There's the shortening of the Prophets' Fast before the Nativity...
At least as far back as Bar Hebraeus, the Nativity Fast was of varying length in the Syriac Church. In Hudoyo
, he attests to the custom of the Orthodox West Syrians of keeping the fast for fifteen days and the custom of the Orthodox East Syrians of keeping the fast for twenty-five days, while ascetics kept the fast for the full forty days. Even in other Orthodox traditions, the Nativity Fast is a rather fluid phenomenon: on the EO side, for example, Theodore Balsamon attests that the original fast was merely a week, and the various date-based allowances for fish, wine, etc. attest to this earlier practice. So shortening this particular fast, IMO, is not without precedent and doesn't bother me so much on its own.
...but this was also rather startling: "In addition to shortening the periods of other fasts for all the faithful in AD1946. Late Patriarch Yacoub III of Good Memory (+1980) permitted the Clergy and Laity to fast only in the first and last weeks of Lent in addition to Wednesdays and Fridays, permitting them to eat all sorts of food during the rest of Lent in 1966. He also permitted having festivities, weddings, baptism and liturgies and commemorations on all the days that fall between the two aforementioned weeks..."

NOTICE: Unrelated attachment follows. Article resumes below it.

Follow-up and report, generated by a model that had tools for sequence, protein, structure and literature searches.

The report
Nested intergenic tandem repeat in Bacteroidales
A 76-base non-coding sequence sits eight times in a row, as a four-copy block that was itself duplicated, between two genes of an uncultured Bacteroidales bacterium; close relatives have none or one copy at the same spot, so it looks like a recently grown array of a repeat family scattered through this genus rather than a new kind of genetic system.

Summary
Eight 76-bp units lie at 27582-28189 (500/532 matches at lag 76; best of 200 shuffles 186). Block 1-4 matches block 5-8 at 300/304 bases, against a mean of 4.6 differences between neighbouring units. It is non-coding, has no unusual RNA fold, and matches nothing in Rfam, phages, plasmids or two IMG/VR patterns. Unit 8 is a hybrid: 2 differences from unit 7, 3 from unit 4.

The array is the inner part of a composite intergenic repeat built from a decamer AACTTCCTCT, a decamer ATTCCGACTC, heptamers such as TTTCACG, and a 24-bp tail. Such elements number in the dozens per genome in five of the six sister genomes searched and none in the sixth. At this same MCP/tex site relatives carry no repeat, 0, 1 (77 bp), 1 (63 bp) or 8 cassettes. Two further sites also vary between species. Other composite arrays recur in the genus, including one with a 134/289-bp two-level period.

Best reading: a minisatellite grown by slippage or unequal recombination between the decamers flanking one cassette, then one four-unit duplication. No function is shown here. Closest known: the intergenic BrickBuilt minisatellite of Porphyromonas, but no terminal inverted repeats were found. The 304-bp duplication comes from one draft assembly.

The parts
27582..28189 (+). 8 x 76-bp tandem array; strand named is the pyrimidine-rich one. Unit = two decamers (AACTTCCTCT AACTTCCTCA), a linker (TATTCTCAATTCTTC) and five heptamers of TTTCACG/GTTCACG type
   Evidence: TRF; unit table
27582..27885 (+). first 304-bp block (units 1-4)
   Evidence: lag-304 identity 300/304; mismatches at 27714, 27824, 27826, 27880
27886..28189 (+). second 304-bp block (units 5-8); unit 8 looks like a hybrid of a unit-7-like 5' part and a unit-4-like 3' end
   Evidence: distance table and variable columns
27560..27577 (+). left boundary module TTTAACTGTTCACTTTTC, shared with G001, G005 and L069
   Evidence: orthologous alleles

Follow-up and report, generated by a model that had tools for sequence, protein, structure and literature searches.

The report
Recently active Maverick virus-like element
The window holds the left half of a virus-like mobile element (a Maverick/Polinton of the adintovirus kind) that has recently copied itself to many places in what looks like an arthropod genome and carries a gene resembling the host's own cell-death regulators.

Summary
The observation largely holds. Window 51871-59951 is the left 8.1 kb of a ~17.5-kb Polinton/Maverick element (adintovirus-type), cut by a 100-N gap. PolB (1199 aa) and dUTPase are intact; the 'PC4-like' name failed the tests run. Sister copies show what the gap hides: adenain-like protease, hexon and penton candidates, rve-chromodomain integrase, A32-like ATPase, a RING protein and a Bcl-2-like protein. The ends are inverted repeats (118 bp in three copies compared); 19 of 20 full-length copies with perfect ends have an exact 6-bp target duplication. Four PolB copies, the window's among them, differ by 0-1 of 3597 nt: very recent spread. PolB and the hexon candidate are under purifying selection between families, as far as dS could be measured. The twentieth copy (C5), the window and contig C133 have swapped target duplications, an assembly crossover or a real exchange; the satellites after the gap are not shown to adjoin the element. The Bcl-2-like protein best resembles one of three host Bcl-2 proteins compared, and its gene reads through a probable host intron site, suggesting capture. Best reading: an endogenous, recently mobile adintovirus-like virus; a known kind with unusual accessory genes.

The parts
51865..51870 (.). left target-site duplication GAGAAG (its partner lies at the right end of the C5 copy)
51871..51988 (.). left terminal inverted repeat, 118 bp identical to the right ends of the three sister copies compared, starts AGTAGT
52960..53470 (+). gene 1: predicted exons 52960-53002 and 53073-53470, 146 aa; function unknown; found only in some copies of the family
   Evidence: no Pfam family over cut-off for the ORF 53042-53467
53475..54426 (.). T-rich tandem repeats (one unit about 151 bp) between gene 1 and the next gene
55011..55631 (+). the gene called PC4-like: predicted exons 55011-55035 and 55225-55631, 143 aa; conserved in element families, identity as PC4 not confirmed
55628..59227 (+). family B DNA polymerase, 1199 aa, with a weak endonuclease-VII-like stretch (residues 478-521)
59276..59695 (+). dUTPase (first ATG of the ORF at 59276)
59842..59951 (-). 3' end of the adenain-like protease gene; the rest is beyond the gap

Yeah, you'll find that contemporary Syriac fasting requirements have been lessened in the last century. I'm not exactly sure why that is. Was it related to Seyfo? Diaspora emigration? Emulating Western Christian practice? His Holiness' article gives a rather legalistic view of the matter: the fast was abbreviated so that it would be easier to follow, and in following it, the people would not be guilty of sin (whereas if they kept the original rule and people simply didn't follow it, they would've sinned). The only other "apostolic" Church I've ever heard espouse such thinking is the RCC: compared to them, the Syrians are still OK, but the change is rather unsettling for me as well. I don't want to judge it before I know more about what led to the change.
Anyway, the Syrian Orthodox people I know keep the full fast even if the "obligation" is for much less, so I'm not sure if they are a reflection of what normal people do or if I just happen to know really holy people despite not being holy myself.